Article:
Other formats

    TEI XML file   ePub eBook file  


    mail icontwitter iconBlogspot iconrss icon

White Wings Vol I. Fifty Years Of Sail In The New Zealand Trade, 1850 TO 1900


the Margaret Galbraith (or the old "Maggie," as she was familiarly called), one of Duncan's ships, sailed under the Shaw, Savill flag, and made 21 voyages to the several ports of New Zealand between 1873 and 1900, bringing a very large number of immigrants from London and Glasgow. She was a comparatively small iron vessel of 841 tons. In 1880, in command of Captain Fergusson, she ran out to Port Chalmers in 87 days, or 75 land to land. She left Greenock on October 23, 1879, had a smart run of 19 days to the Equator, passed the Cape on the fiftieth day out, and the Snares on January 5, arriving in port on January 7. The following year Captain Fergusson brought the ship to Auckland in 85 days from London Docks.

On her last voyage to Auckland in 1882 the Margaret Galbraith brought out the plant of the Devonport Water Works. After discharging, the ship sailed from Auckland for Timaru. When about ten miles off Lyttelton she was caught in a very severe S.E. gale. She had on board 100 tons of pig iron, which shifted during the gale, and the vessel was thrown on her beam ends and had a narrow escape of foundering. Mr. Claude Fenwick, of Auckland, was a passenger by the ship on this occasion. the Margaret Galbraith was towed into Lyttelton by a passing steamer. In the Old Colonists' Museum, Auckland, may be seen a photo. of the Margaret Galbraith inside of the Calliope Dock unloading the pipes for Devonport.

the Margaret Galbraith, on the passage to Napier in 1895, met with a succession of gales and light winds prior to crossing the Equator, 44 days out from London. When in latitude 44 south and longitude 25 east the ship was surrounded by icebergs for six days.

Captain Renaut, who brought the ship out in 1899, reported a most trying passage. He said: "The vessel rolled out, rather than sailed out," occupying 114 days from London to Port Chalmers. All the ships arriving during the latter part of 1899 made long passages, owing to terrific gales met with in the Southern Ocean, and all were more or less seriously damaged, including such clippers as the Canterbury, Oamaru, Waitangi, Turakina, and others—the Turakina making the best run of the season—93 days.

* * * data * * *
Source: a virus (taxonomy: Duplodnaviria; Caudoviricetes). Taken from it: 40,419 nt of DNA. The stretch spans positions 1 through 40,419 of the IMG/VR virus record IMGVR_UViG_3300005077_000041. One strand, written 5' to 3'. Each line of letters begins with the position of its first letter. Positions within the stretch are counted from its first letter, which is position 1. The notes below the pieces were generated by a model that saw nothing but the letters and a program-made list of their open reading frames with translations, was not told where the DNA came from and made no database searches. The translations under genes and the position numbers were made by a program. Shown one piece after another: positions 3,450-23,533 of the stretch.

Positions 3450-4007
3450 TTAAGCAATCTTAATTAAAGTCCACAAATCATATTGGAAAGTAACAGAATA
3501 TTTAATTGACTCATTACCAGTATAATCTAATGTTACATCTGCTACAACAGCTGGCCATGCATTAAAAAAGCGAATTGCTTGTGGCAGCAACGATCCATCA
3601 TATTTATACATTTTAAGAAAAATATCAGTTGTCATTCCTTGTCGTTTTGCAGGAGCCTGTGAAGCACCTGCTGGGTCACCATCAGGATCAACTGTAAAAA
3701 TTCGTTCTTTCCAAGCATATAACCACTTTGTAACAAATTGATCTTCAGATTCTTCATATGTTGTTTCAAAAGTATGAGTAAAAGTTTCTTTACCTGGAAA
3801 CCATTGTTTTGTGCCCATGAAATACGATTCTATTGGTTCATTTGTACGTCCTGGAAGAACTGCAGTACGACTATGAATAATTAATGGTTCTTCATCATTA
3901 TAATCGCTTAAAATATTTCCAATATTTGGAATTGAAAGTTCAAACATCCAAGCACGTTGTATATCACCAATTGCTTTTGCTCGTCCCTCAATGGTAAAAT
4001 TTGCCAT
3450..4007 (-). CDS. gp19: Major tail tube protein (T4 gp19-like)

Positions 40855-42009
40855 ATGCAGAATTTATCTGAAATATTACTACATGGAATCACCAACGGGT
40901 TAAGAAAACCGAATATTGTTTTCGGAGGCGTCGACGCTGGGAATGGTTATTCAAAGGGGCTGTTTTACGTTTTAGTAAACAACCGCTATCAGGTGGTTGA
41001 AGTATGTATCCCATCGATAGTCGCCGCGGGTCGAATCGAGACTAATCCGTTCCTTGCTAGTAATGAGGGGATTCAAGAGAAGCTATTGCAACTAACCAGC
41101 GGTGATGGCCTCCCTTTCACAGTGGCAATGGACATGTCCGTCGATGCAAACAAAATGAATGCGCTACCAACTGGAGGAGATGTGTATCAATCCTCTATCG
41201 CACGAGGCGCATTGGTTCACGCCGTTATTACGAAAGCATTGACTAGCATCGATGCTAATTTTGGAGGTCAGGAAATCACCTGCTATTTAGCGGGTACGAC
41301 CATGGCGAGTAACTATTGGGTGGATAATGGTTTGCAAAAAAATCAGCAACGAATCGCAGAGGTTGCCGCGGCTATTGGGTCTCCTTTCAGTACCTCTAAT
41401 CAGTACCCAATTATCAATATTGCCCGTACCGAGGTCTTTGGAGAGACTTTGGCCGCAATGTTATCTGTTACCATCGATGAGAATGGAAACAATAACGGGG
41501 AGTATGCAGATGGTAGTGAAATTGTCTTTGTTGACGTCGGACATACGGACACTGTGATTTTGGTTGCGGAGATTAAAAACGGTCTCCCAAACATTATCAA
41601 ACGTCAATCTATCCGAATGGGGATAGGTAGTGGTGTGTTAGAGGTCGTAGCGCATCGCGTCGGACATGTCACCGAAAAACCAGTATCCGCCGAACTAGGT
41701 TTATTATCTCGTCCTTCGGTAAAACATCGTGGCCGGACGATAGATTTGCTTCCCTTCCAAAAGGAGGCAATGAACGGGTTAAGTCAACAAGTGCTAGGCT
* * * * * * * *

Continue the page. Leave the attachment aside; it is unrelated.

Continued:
page 55

From the coast of New Zealand to Cape Horn sailing ships were generally given a good start on the long sail home. All day and every day the good breeze blew anywhere from south-west to north-west, and often as not the wind was piping anything from a half-gale up to a full gale; but what matter, it was blowing the old hooker home! Remarkable runs were often made on this stretch across the South Pacific, but it was always an anxious time for captain and crew, because there was always the possibility of meeting ice. You never knew what you were going to meet in that long run over the stormy Southern seas.

Who can tell how many tragedies those seas hide under their long grey rollers that break in a smoke of spray? Good ships, well-found, well-manned, and in command of skilful navigators, have started out on this long sail and have never been heard of again, and in the many speculations as to their fate
This iceberg, so like Castle Rock, near Coromandel, Auckland, was another of the strange shapes passed by the ship Margaret Galbraith. It was about ten miles long and some 500 feet high, with what looked like a pillar of basaltic rock sticking out of the top.—From a photograph and painting by H. N. Burgess.

"Castle Rock" In Ice.

the dreaded iceberg has always loomed large and grim.